The basic story goes like this:

  • The water industry is huge, mostly public owned by entities that have no money for the (pick your number of) billions in upgrades needed
  • Population is growing every year
  • Population is increasing most rapidly in driest regions
    Water is cheap, so no one conserves it (think about that statement as an economist and ask yourself if we really have a problem yet)
  • Water is even more important than energy as a “basic right,” so no government will let its population run short.

Therefore, investing in water technology (desalination, membranes, remediation, purification, metering, etc.) to create solutions to the coming problem is a good idea.

But it never happens. The investment community just doesn’t walk the walk when it comes to water. Why is that?

Some thoughts on why:

  • Motivation. The water industry, while huge, is not widely privatized and is very fragmented. It’s not been heavily “technology” driven to date, and has proven to be even more cumbersome than the electric utility market to break new technologies into. Investor owned utilities, which are now a very large portion of the electric and gas utility market, are just a few percentage points of the water market. So very few of the potential customers for technology are big enough and profit driven enough to care.
  • Maturity. The technologies these water companies use is relatively old. Membrane technology used in reverse osmosis and more efficient valves and even smart control systems are not new ideas. And a lot of potential “breakthroughs” have been beat out of the industry already. So unless price radically changes – as in several orders of magnitude, it’s likely that the technology we’ve got is “good enough” or at least hard to beat.
  • Price. Water is cheap (see above). Read: nobody’s bearing any real pain today in most of the industrialized world. I’m not. I don’t even get a water bill. I’ll cut my morning Starbucks before I reduce my water usage. It’s a bigger hit on my pocketbook. In pockets of the market, this may be changing (we do read about water crises in Australia from time to time, ultra clean water needed for semiconductor processes and additional water demand for a particular housing development in Southern California), but it is really hard to get a return on R&D when your customer is measured in “pockets” as opposed to “markets.”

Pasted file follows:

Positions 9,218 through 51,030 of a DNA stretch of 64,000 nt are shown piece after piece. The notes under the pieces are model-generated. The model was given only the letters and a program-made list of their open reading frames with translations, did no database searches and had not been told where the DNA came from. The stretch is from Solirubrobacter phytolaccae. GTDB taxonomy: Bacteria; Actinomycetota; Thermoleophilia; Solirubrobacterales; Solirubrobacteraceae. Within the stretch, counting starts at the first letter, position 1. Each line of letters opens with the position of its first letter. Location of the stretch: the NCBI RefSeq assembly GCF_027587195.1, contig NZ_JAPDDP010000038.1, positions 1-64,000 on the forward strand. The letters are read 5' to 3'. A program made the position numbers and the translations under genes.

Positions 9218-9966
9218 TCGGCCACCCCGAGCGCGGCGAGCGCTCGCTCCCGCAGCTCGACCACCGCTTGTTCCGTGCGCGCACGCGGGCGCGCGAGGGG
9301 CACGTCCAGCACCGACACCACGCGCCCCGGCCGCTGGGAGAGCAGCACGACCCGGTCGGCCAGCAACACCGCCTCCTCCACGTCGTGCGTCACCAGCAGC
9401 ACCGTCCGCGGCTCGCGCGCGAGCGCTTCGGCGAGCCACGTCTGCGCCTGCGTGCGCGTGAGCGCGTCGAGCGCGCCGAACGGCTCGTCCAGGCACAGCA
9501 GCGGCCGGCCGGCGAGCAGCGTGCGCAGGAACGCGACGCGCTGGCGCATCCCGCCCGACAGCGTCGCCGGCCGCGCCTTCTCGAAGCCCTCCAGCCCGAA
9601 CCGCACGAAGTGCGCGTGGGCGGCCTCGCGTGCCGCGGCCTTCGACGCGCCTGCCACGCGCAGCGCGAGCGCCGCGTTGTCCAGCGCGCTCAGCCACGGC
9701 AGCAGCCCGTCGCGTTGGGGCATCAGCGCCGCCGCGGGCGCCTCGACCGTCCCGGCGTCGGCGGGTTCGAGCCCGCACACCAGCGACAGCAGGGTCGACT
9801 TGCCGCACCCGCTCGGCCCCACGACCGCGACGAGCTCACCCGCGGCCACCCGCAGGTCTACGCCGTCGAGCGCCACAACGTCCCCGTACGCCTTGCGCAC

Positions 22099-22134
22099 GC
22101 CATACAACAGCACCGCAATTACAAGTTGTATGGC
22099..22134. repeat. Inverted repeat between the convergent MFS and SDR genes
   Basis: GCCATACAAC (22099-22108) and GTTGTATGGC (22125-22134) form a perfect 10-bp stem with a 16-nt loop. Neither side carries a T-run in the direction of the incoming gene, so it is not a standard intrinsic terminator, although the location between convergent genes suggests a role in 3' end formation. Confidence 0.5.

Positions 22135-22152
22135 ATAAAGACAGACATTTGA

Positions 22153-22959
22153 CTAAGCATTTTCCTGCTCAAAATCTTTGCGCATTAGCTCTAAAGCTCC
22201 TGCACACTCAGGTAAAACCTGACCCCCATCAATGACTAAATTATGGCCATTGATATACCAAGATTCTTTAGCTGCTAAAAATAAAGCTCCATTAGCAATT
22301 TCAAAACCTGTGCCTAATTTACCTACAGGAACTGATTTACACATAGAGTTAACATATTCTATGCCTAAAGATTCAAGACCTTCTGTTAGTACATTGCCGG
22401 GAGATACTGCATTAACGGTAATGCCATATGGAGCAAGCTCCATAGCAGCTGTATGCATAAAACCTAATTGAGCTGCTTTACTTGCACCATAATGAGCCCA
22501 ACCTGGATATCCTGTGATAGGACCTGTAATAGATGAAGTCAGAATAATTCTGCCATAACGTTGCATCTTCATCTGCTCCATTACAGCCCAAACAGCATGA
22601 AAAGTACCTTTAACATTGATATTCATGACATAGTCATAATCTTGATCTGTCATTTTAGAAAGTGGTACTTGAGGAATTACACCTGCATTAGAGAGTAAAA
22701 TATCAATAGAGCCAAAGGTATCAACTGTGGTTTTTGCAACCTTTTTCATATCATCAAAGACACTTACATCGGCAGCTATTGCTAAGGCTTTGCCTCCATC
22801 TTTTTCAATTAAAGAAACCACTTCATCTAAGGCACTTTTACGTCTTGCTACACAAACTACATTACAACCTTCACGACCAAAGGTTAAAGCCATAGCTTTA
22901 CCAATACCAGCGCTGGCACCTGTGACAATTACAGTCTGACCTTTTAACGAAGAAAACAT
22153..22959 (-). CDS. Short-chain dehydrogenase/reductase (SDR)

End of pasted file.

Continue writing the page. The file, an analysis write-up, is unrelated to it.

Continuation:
• Solar, ethanol and carbon. Three years ago, water was the buzz of the venture conferences. Money looked like it might flow. Then the solar and ethanol markets took off, carbon trading got traction and climate change grabbed the headlines and the political mindshare (including mandates, rebates, and subsidies). Water – both the problems and the solutions – fell out of vogue.
  • Size and capital intensity. Like energy projects, water projects are often really big and expensive. Scaling up ALWAYS has more risk than one thinks it does. Like in energy, one just doesn’t invest in a pilot for a new technology lightly. And just because one or two projects with a given technology are running does not a successful launch make. When 30 or 40 are running for 5 to 10 years, then you’ve broken through.

So I guess it remains to be seen if water is the problem of the future – or if it really is the next big thing. And it definitely remains to be seen if anyone can make big money investing in new water technologies and solutions.

Neal Dikeman is a founding partner at Jane Capital Partners LLC, a boutique merchant bank advising strategic investors and startups in cleantech. He is founding contributor of Cleantech Blog and a Contributing Editor to Alt Energy Stocks.